If I were to ask that same person to explain how gravity works, they would probably say something along the lines of, it’s the force that makes things fall to the ground. That would be a true statement and is an accurate description of how gravity works. I would say that this person doesn’t truly understand how gravity works and probably isn’t a physics teacher. Again, there is nothing wrong with not knowing, in this particular case the understanding of gravity requires a basic understanding of larger concepts. We know there is a larger concept out there, we just can’t describe it. So, there are these things that we see and feel every day. We know gravity exists because our house hasn’t floated off into space, it’s still there when we get home every day. So, every day our brain tells us that this gravity thing, even though I can’t see it and don’t really understand it, it must be real and it works pretty well. Even though we may not understand the larger concepts behind gravity, we know that there is something more to it, and whatever that something is, we don’t know it.


Things we know for certain

(Known)

Let’s ask this person another random question. This time let’s ask them what is 5+15? A simple addition. The person will probably say 20, and if I said show me they could probably grab a pencil and a paper and show me how 5 + 5 is 10 then you carry the 1 and you get 20, great. No matter how hard we try, we will never change the fact that 5 + 15 will always equal 20. Just like this mathematical equation, there are things in our world that we know for certain. For instance, the key to our house. We know for certain that the key will unlock the door every single time. The moment that key doesn’t work we’re instantly alarmed that something is wrong because there was something we knew for certain that just isn’t so. That brings us to the next category.


Things we know for certain that aren’t so

(Falsehoods)

There are plenty of good examples of falsehoods. The classic example of the world being flat and that you would fall off the edge if were to so dare sail the sea that far. I prefer the example of the 4-minute mile. If I were to jump back in past to 1930, and I were to ask a random person, do you think I can run a mile in under 4 minutes? They would probably laugh at me and say no. Hasn’t been done before. There was a time not too long ago when “experts” would say that it was physically impossible for the human body to run a mile in under 4-minutes. Year after year runners would try and try until sometime in the 1940’s when the record was pushed to 4:01. Even more evidence that it just wasn’t possible. On May 6th, 1954, an Englishman named Roger Bannister ran a mile in 3 minutes, 59 seconds and 4 milliseconds at oxford’s Iffley road track. How can that be? Experts said that it was physically impossible and that you would fall off the edge of the earth… jokes aside the experts were wrong. Today there are high school students that can run a sub 4-minute mile, and the record is held almost a whole 17 seconds below 4 minutes.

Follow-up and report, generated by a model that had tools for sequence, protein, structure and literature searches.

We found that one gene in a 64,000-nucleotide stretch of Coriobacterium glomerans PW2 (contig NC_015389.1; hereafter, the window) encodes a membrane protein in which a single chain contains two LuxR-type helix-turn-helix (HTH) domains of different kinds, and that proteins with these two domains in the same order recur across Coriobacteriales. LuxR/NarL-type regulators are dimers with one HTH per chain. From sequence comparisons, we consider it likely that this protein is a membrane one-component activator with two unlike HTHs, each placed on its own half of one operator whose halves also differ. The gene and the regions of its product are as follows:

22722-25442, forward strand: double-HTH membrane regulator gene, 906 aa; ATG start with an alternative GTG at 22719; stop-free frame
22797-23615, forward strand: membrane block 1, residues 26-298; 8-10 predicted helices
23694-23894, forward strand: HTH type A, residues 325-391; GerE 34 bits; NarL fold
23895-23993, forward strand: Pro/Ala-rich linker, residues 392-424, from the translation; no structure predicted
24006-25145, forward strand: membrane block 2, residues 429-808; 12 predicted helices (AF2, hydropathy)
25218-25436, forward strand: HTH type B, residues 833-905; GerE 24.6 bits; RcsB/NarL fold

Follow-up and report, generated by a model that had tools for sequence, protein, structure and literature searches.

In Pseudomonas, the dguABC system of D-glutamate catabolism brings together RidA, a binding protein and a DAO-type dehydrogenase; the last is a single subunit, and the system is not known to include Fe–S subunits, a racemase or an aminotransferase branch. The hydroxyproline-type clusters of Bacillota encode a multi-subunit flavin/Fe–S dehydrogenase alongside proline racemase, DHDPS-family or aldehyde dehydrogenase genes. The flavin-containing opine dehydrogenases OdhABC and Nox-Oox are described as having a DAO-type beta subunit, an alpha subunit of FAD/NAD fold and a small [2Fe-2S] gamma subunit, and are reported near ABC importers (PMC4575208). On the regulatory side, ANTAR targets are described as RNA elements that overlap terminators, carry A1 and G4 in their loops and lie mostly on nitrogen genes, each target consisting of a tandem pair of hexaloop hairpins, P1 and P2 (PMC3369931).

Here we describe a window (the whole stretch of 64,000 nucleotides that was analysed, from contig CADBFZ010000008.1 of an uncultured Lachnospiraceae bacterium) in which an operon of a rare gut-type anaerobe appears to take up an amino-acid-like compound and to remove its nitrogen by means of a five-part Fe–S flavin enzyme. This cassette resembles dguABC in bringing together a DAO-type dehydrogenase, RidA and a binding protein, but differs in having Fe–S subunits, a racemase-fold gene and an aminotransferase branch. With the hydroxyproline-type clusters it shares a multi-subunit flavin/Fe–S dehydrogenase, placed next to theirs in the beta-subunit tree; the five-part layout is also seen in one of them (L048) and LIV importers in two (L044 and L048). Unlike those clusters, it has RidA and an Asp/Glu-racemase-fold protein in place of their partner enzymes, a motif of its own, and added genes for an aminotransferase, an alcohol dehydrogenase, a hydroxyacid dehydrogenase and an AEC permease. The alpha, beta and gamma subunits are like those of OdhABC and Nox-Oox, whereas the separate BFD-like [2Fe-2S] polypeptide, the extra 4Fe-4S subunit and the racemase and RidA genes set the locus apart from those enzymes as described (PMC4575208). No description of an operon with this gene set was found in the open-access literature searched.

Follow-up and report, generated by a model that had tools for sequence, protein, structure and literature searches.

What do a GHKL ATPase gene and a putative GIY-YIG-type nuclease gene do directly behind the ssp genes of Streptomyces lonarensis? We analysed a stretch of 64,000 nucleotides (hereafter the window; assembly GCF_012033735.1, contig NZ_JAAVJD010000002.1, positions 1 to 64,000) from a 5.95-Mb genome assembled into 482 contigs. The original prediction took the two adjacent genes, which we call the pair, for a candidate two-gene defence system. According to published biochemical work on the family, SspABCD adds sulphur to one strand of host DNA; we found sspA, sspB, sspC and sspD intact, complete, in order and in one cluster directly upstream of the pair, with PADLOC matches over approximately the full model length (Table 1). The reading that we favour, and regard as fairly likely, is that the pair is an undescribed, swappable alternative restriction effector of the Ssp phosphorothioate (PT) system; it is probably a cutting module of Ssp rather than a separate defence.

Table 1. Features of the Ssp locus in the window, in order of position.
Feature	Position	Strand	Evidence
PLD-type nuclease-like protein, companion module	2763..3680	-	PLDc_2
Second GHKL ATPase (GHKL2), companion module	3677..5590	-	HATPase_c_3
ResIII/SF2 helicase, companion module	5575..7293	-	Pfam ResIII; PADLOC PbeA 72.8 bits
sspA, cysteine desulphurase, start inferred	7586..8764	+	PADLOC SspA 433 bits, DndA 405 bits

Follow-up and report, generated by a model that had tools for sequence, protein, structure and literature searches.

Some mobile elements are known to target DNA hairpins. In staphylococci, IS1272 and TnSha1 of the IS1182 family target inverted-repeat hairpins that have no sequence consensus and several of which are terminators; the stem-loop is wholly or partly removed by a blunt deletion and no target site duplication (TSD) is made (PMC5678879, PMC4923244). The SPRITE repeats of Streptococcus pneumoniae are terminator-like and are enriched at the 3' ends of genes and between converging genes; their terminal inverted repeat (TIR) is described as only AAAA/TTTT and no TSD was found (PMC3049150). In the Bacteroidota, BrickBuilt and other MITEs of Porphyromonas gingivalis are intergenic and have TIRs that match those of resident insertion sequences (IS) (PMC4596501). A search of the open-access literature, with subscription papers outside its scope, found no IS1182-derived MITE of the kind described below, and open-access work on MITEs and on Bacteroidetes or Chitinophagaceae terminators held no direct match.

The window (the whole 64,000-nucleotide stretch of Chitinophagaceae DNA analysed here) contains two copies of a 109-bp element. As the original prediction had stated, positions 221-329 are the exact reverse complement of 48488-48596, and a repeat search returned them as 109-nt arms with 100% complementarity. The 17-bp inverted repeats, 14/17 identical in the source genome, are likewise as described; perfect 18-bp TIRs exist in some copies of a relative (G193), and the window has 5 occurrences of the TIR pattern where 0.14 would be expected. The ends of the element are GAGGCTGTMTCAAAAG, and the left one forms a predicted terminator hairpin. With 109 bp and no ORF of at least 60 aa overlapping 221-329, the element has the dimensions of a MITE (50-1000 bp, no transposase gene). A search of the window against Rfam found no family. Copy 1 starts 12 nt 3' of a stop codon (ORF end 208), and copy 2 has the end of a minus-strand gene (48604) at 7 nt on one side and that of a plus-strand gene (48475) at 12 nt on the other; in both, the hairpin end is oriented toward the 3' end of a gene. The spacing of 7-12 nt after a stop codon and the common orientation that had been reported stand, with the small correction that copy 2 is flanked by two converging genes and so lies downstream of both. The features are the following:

What is the one thing that ties all these different categories of knowledge together?

The curiosity of a single question and the drive to follow it.

The curiosity to learn and to grow. The curiosity to challenge all that we know to be true, in fear that it may be something we know for certain that just isn’t so, and the curiosity to seek challenge in things we may have never known, for knowledge through curiosity is where we might find that which is to be true.


Yasir has a graduate degree in Applied Cognition and Neuroscience, and a co-founder of Lumen, an eco-conscious start-up developed to redefine the conventional paradigm of global sustainability and food. He’s fascinated by philosophy and how it can be used as one of the tools to effectively engage critical thinking that drives systems based solutions for global environmental challenges.

www.livingsoilssymposium.com

Cover photo credit: Riccardo Annandale